Undergraduates in the Archives – Werner 3
3What has been your best experience or greatest success?
Undergraduate Program Director – Folger Shakespeare Library
¶ 1 Leave a comment on paragraph 1 0 Oh my, this is a hard one to answer. Without intending to sound unbearably sappy, there are nearly too many moments of success for me to count! My favorite moments are those that come outside the seminar: when a student makes a connection between what we have been discussing and what another class of hers is doing; when a professor tells me that a former student has been teaching them all to pay attention to the textual history of a poem they are reading; or when a former student sends me an e-mail to point out a newspaper article about books he found interesting. All those moments mean that the lessons they have learned in our seminar are living on for them in other contexts.
¶ 2 Leave a comment on paragraph 2 0 Other favorite moments have been when students have found something out about a book that is news to the Library’s catalogers. Given how tremendous the Folger catalogers are, that is hard to do! But, for instance, one student was working on The essayes of a prentise, a book that had been written by King James in 1594, when he was James VI of Scotland and not yet James I of England. The student’s interpretation of the book was that it was deeply embedded in James’s perspective as a Scottish monarch and aspirant to the English throne, especially since the book was bound as a presentation copy for Lord Burghley. But the catalog record for the book, following standard name authority rules, listed the author as James I. Given the student’s research, however, the book’s record now includes a note clarifying the nature of James’s title when it was written. (You can see a blog post I wrote about the book and this issue here; you can find the catalog record for it here.)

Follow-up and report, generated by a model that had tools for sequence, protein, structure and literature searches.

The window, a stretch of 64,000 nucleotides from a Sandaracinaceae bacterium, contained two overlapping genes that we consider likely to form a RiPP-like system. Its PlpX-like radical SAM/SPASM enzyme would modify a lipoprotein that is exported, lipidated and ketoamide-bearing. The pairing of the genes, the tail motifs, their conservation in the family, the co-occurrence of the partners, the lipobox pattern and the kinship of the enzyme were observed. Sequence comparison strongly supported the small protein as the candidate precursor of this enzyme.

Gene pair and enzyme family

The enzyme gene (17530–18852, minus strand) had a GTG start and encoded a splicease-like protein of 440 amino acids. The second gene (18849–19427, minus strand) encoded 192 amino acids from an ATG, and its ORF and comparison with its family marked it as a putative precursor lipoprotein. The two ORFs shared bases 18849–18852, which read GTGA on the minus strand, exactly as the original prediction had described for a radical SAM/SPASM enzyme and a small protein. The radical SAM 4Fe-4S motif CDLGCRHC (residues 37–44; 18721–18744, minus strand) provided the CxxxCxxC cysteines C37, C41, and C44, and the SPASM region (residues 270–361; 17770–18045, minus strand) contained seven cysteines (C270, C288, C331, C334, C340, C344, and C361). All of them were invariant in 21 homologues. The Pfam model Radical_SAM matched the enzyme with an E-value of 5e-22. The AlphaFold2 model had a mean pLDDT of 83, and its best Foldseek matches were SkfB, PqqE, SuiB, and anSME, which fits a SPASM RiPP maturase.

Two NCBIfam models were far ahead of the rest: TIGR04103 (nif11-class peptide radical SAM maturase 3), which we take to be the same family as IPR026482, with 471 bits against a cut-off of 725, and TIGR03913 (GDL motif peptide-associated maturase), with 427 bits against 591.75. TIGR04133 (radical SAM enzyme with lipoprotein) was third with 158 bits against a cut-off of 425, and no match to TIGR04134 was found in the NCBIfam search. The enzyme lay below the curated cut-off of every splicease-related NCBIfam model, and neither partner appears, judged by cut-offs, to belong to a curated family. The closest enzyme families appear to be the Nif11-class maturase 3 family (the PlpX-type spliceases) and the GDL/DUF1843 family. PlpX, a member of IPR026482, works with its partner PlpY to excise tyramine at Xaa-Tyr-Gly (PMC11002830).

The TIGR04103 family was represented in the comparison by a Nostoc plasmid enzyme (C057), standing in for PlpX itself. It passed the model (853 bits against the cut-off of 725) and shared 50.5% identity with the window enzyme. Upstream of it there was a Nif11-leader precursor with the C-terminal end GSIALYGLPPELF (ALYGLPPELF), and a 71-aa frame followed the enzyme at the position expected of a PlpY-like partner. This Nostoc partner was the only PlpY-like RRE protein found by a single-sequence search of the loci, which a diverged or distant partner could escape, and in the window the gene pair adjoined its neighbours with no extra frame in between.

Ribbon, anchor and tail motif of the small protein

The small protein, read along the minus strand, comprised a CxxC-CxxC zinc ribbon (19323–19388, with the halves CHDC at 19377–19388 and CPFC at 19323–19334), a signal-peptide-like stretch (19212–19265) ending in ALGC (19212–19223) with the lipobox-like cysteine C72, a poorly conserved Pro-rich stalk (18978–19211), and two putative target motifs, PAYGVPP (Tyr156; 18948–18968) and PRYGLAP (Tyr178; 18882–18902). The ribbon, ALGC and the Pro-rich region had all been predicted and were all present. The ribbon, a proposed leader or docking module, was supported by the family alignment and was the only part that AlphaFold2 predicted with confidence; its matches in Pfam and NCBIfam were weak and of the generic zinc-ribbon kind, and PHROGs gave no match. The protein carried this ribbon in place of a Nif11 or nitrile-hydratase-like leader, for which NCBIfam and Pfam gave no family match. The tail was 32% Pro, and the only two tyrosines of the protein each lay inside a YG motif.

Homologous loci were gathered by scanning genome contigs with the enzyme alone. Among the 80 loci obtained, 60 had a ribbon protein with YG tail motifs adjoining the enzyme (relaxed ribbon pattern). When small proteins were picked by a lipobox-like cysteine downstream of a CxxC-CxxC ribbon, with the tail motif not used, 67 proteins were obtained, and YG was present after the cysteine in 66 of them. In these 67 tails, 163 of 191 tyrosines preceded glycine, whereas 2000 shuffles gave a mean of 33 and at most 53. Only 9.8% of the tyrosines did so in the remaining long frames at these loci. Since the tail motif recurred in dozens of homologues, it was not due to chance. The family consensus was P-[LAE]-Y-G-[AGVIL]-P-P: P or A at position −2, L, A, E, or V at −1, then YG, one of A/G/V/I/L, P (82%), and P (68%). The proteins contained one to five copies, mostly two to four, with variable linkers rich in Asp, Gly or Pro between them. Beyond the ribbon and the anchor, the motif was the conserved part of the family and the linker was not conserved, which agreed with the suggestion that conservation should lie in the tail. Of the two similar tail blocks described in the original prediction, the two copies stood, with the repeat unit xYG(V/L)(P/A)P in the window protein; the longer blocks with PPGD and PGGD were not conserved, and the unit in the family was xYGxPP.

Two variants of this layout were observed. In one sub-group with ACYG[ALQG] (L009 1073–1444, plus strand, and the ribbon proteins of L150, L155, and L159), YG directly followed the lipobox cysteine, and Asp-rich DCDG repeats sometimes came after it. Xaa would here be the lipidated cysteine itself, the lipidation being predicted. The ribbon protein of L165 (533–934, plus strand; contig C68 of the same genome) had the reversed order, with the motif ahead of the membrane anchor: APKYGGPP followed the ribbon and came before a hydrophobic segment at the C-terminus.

¶ 3 Leave a comment on paragraph 3 0 Another student was working on James Smith’s The generall historie of Virginia (1624) and was struck by its odd binding, in which one armorial device was stamped on top of another. The Folger’s catalog identified one of them as James I’s, but it took some joint sleuthing for her and I to work out that the stamp on top of James’s was that of George Villiers, the Duke of Buckingham. As far as I can work out, no one else had noticed that, not the previous owners, the booksellers, or the Library’s catalogers. (That record still does not include the additional information about the binding because I have not yet brought it to their attention. But you can read about the book and see some pictures of the binding here; the catalog record is here.)